Or at least not till they reach the mid-century mark. “In the nesting years, you’re more likely to want a one-on-one relationship and go the traditional route,” says Brame. “After 50, you might be inclined to get in touch with your true desires—before it’s too late.”

That was certainly the case for Mike and Karen Parker*, both 61 and married 18 years. When Karen seemed to lose her zest for life about five years ago, the couple concluded she needed “someone to make her feel desired and sexy in a way a long time partner could not,” Mike says. So Karen began exploring online, going to sites that catered to a kinky side Mike didn’t share. Initially her encounters were online only, yet the virtual sex perked her up immediately. “I was so relieved to see her happy and vital again,” Mike says. Then Karen connected with someone, and their rapport flourished in the flesh. Mike, meanwhile, began to take lovers too. Although the couple dislikes labels, the closest definition to what they have is polyamory: an “open” arrangement where all involved accept and consent to having more than one intimate relationship at a time.

Advice for the Adventurous

“We aren’t swingers and don’t play together—she has her lovers and I have mine,” says Mike, explaining further: “We want to keep seeing ourselves as individuals, not just as part of a couple, and personal growth requires interaction with others, without limitations. You can’t suppress your desires; they don’t go away, just build and create resentment. We both feel so strongly about our love and commitment to each other, and our lovers don’t threaten that. In fact, talking about our involvements has enriched us both. I give our marriage a 10!”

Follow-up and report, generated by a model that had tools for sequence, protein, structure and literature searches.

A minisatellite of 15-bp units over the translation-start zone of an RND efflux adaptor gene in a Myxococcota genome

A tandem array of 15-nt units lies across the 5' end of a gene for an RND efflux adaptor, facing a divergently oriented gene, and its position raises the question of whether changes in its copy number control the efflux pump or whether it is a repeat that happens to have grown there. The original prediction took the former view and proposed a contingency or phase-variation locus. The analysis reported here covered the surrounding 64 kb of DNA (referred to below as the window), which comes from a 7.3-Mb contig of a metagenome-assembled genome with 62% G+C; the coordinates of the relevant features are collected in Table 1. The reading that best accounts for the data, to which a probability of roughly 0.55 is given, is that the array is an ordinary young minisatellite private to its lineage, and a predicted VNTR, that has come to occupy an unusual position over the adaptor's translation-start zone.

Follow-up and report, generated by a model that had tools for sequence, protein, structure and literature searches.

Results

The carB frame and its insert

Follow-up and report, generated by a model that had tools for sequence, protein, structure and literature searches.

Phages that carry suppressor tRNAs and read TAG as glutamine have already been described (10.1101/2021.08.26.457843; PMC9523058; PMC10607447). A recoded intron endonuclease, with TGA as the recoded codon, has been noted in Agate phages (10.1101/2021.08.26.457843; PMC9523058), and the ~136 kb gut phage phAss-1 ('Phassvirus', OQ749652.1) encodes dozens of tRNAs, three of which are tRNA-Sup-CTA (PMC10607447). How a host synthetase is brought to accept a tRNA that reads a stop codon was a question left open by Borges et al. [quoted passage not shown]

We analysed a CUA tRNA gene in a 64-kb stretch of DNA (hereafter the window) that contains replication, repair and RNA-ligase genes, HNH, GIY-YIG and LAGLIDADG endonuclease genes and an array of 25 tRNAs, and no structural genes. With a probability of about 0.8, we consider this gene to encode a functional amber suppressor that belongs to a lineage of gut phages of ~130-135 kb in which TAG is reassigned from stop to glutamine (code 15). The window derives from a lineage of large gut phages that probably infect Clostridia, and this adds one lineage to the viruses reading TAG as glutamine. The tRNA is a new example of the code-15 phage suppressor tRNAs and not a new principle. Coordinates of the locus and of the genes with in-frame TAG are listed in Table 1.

Bruce also rates his marriage a 10, saying he and Susan are “lovers and best friends.” Yet he concedes, “It’s not all a bed of roses—there is drama in the lifestyle and some couples divorce.” His counsel to those who want to expand erotic horizons is to be truthful and open with each other and about your relationship. “It doesn’t work it you look at it as ‘legal cheating,’” he explains. “Swinging speeds up the course of your relationship.  If it’s rocky to begin with, the lifestyle will expose all the warts and hickeys much more quickly. But if you’re able to be totally honest about your wants and desires, it can work.”

And what of Jane: Does she see herself having carefree flings with sexy young things forever? She’s adopted a “never say never” attitude towards traditional relationships. “I have a full life with friends, travel and my practice, and I don’t need anyone to buy me dinner,” she insists. “So I’m not actively seeking ‘someone special.’ But if I did meet a fabulous guy and we clicked on all the right levels, that would be a fair tradeoff.”

* Names have been changed.

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An all-around wordsmith, Nina Malkin is a journalist, novelist, copywriter and memoirist. She’s also an avid collector of lovely things from eras past—read her musings at http://www.vintagevirna.blogspot.com/